Middle East and North Africa

    • Commentary

    Competing Over Islam: Turkey, Saudi Arabia, and Iran In the Balkans

    • Dimitar Bechev, Ahmet Erdi Öztürk
    • January 11, 2022
    • Middle East Institute

    In the last two decades, the Balkans appear to have become a new arena for religious competition between Turkey, Saudi Arabia, and Iran. The strategies used by these very different actors show their efforts in exporting faith in the name of power and in projecting their identity and domestic structures.

    • Research

    Has the EU Failed Democratic Tunisia?

    Tunisia’s democratic crisis is also a reflection of the EU’s weak and fragmented commitment to the country. The EU should encourage a return to democracy by alleviating Tunisia’s economic struggles, spurring political reforms, and pressuring regional partners to stop meddling in Tunisian affairs.

    • Research

    Bolstering Women’s Political Power: Lessons from the EU’s Gender Action Plan II

    The COVID-19 pandemic and subsequent economic crisis have deepened existing gender inequities. The EU should strengthen its efforts to address the barriers to gender equality by promoting and supporting women’s political empowerment.

    • Commentary

    What to Expect From the Iran Nuclear Talks

    While U.S. President Joe Biden has stated his intention to return to the 2015 Iran nuclear deal, Tehran’s nuclear advances and Washington’s unclear diplomatic approach risk derailing the Vienna negotiations.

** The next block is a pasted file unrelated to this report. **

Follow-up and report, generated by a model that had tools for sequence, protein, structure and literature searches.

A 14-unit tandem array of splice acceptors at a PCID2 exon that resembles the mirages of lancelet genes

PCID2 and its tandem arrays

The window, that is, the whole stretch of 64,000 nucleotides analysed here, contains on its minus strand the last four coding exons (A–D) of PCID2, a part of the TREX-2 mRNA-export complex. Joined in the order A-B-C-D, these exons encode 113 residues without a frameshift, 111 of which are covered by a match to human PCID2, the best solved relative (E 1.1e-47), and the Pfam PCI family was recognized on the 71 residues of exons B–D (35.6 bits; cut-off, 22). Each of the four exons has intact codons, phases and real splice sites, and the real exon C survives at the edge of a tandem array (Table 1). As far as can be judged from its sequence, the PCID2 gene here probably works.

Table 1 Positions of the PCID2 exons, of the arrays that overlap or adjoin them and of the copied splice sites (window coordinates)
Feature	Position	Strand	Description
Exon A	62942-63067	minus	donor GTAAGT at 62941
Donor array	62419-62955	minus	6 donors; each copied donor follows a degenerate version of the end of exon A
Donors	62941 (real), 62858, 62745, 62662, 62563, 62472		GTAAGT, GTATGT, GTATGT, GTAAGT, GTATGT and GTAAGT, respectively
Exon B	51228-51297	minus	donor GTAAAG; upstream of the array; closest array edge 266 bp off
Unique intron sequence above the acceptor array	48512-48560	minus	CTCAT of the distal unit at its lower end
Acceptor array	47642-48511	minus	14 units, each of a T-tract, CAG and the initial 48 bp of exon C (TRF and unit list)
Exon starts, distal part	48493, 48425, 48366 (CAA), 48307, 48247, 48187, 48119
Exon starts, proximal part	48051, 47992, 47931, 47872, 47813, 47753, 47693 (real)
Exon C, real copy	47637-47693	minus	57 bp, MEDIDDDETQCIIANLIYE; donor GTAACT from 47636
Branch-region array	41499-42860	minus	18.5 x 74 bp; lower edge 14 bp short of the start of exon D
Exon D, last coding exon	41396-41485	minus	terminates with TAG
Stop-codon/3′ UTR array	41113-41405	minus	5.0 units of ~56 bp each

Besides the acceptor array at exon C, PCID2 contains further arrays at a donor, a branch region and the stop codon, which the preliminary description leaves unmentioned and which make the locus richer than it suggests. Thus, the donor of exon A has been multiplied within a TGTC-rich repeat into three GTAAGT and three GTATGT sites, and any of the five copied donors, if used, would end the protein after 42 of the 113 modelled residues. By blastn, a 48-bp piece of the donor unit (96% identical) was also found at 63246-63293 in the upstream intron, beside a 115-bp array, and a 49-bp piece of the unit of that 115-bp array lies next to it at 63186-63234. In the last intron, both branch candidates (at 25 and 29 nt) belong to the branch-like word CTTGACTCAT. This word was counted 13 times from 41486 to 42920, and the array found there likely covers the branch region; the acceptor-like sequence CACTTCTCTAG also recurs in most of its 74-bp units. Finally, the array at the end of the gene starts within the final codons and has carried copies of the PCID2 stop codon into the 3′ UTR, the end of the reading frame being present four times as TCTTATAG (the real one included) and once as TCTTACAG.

• Research

    Reversing the Democratic Gaze

    Alongside its traditional external democracy support, the EU needs to begin drawing on lessons and influences from other countries to help address Europe’s own democracy problems.

    • Event

    Good COP, Bad COP: Key Takeaways From Glasgow

    At the COP26 summit in Glasgow, world leaders agreed to intensify efforts to fight climate change, signed pledges to protect forests and reduce methane emissions, and negotiated new approaches to climate adaptation and justice. This event will reflect on changes European leaders should initiate to ensure a fair and effective climate transition.

    • Research

    Reassessing the European Strategy in Afghanistan

    The United States bears a great deal of the responsibility for the situation in Afghanistan, but the EU should also reflect on how its overly narrow conception of democracy contributed to the shortcomings of Afghan reconstruction efforts.

    • Multimedia

    Erdogan Expels Ten Ambassadors

    Turkey’s President Recep Tayyip Erdogan threatened to expel ten Western ambassadors who called for the release of jailed businessman and philanthropist Osman Kavala. Marc Pierini looks at what is behind this move and the implications such a foreign policy decision could have.

    • Research

    How Deep Is the North-South Divide on Climate Negotiations?

    COP26 provides a forum for deliberating about climate adaptation, but such global meetings must also account for the needs of developing nations. A narrow climate agenda will only perpetuate divisions between postindustrial and developing countries.

    • Research

    How Syria Changed Turkey’s Foreign Policy

    In a bid to gain political ground at home, Ankara has launched multiple military operations in Syria. These have laid the groundwork for a more aggressive, nationalist foreign policy with profound implications for relations with the United States, Russia, and the EU.

Please note

You are leaving the Carnegie–Tsinghua Center for Global Policy's website and entering another Carnegie global site.